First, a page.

Eliminating violence against women stressed at UN-backed radio debate in Nangarhar

22 Oct 2017

Eliminating violence against women stressed at UN-backed radio debate in Nangarhar

JALALABAD - The importance of eliminating of all kinds of violence against girls and women, as well as the promotion of gender equality was discussed at a UN-backed radio programme in Jalalabad, capital of Nangarhar province.

The Safa Radio programme, supported by the Jalalabad regional office of the UN Assistance Mission in Afghanistan (UNAMA), aimed to encourage families, religious scholars, tribal elders and officials to better understand their responsibilities in eliminating violence against women (EVAW) and empowering women and girls.

The panelists, an EVAW law prosecutor, a representative of Afghan Independent Human Rights Commission (AIHRC), a religious scholar, and a youth advocate, talked about the various forms of violence against women in the province and the available legal tools such as the EVAW law or UN Security Council resolution 1325 on Women, Peace and Security that was incorporated in Afghanistan’s own system in the form of National Action Plan.

Women in eastern region, including Nangarhar province, face different forms of violence - violent extremism, poverty, illiteracy and inequality. There is a growing recognition by the government and international community that efforts to eliminate violence against women must involve not only government, but also the elders and religious scholars.

Mr Qari Abdul Malik Mazloomyar, a religious scholar, said, “Exchange and forced marriages are strictly prohibited in Islam, as they usually result in very dangerous consequences for the families and for the society. If our families avoid the exchange and forced marriages, it will be a big step and immense positive change in reducing the level of violence against women and family disputes ”.

“In Islam, the boys and girls have equal rights. Islam advises education for both boys and girls. Based on this valuable lesson from Islam, the parents and government have to provide equal education for both boys and girls. If the families don’t allow their girls to go to school, they will be accountable to Almighty Allah”, added Abdul Malik.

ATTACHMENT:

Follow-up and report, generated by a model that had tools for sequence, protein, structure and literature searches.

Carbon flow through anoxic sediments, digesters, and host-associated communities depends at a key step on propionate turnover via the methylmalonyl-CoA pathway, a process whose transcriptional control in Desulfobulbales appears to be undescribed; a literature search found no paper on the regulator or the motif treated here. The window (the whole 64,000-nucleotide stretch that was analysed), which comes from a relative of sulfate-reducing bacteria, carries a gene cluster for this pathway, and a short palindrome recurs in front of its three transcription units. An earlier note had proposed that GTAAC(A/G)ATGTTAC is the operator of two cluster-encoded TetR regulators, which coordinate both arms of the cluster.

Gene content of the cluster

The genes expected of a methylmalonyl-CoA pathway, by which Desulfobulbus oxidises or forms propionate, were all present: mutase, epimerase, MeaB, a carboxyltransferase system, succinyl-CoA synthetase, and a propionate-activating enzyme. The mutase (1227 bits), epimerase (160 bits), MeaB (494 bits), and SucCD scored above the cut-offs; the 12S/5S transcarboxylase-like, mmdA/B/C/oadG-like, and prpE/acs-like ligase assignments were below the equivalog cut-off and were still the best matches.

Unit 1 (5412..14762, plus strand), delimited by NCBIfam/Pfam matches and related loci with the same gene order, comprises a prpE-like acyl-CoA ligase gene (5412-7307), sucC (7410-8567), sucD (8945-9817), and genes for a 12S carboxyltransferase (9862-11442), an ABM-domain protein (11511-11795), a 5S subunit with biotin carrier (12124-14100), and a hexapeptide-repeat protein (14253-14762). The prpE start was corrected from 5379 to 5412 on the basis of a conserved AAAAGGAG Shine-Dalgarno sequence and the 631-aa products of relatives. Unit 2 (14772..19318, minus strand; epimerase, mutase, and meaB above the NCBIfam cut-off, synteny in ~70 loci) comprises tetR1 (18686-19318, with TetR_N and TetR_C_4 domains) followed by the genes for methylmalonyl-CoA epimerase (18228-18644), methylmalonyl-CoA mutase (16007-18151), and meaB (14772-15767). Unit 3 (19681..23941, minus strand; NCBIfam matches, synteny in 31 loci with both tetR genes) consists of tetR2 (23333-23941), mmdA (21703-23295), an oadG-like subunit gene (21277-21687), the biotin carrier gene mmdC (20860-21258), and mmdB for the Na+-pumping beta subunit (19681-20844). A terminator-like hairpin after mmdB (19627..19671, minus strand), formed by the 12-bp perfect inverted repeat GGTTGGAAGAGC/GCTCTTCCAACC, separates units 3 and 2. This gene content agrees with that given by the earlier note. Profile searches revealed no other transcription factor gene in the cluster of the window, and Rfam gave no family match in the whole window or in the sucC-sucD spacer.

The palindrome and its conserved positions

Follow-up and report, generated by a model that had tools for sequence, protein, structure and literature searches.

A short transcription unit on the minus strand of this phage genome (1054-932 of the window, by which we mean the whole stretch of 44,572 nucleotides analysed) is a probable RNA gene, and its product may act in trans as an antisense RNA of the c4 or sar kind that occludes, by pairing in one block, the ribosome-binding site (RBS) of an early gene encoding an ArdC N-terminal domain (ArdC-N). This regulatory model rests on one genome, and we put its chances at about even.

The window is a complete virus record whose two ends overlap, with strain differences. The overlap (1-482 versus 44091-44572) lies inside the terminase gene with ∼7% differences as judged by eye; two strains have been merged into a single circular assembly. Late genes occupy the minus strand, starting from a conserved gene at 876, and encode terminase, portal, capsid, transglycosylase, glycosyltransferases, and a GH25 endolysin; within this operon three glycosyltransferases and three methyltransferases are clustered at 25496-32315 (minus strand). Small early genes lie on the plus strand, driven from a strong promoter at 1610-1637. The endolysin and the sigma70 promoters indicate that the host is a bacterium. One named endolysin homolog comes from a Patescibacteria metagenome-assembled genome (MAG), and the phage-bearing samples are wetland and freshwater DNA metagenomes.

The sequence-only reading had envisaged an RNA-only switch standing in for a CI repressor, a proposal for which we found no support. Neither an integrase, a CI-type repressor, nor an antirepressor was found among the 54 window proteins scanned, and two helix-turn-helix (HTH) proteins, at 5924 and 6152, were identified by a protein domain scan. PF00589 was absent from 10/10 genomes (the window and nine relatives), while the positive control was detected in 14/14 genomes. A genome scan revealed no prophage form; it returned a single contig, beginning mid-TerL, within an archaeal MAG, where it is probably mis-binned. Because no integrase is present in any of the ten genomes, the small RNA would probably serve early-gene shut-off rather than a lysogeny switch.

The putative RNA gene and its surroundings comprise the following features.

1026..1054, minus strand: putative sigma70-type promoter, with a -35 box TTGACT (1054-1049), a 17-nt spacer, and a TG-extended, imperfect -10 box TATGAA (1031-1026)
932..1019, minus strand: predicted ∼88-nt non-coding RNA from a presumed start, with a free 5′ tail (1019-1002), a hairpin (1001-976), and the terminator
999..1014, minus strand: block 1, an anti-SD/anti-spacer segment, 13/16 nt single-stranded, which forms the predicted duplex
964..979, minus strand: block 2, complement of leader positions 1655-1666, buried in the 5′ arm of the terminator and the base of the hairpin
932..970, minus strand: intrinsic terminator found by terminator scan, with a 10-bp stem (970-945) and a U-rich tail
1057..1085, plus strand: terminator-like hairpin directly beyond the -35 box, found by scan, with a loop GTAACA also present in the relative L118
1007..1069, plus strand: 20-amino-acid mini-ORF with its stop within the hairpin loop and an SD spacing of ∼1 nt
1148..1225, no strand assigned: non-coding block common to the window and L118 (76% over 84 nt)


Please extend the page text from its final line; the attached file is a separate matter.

In the lively discussion, the speakers concurred with each other that the best way to deal with the problem is to empower women. They recognized that during last 15-16 years, with the support of international community, many positive changes happened in terms of women’s empowerment and women’s involvement in social and political activities, but there is still a long way to go before women and girls in Afghanistan are fully protected through mechanisms such as the EVAW law. 

Mr Abdul Waheed Hakimi, EVAW law prosecutor in Nangarhar’s Prosecution office said “The level of violence against women has decreased in many areas of the region, but unfortunately, in spite of our efforts, the number of  VAW cases have increased in some areas. That is why, I think, in order to eliminate violence against women effectively, we need the combined efforts of several segments of society, particularly, elders and religious scholars.”

All four panelists called on communities across the province to empower Afghan women to pave a way for eliminating VAW. They also called on the government to enhance training and education opportunities for women and girls that can reduce the level of violence and enhance their opportunities for participating in the full spectrum of Afghan social and political life.

Ms Hashema Sharif, representative of AIHRC said, “We need enhanced vocational training and education opportunities to position Afghan women to take key roles in professional careers. Providing women with the education facilities is one of the most important ways towards elimination or reduction of violence against women and girls”.

“Despite literacy in Nangarhar being highest in eastern region, women are yet to occupy key positions in the provincial government,” added Ms Sharifa. “I hope the women will have a strong will to become leaders of the society, and also, the government is supposed to extend greater support to the women in this regard”.

Samiullah Durani, a youth advocate said, “I would like to thank the international community and UNAMA for their valuable support to Afghanistan, thanks to which our country has made significant progress in last 16 years in many areas including promotion of women’s rights. I hope they will continue their support in EVAW, with the focus on outreach activities through media, as it may help a lot in enhancing awareness regarding the negative consequences of violence for the families as well as for the society”.

In the conclusion, all the speakers expressed shared hope that “Our collective efforts and determination to move forward on preventing violence against women will lead to results that will have a real and profound impact on women and men in eastern region”.  

UNAMA is mandated to support the Afghan Government and the people of Afghanistan as a political mission that provides 'good offices' among other key services. 'Good offices' are diplomatic steps UN takes publicly and in private, drawing on its independence, impartiality and integrity, to prevent international disputes from arising, escalating or spreading.

UNAMA also promotes coherent development support by the international community; assists the process of peace and reconciliation; monitors and promotes human rights and the protection of civilians in armed conflict; promotes good governance; and encourages regional cooperation.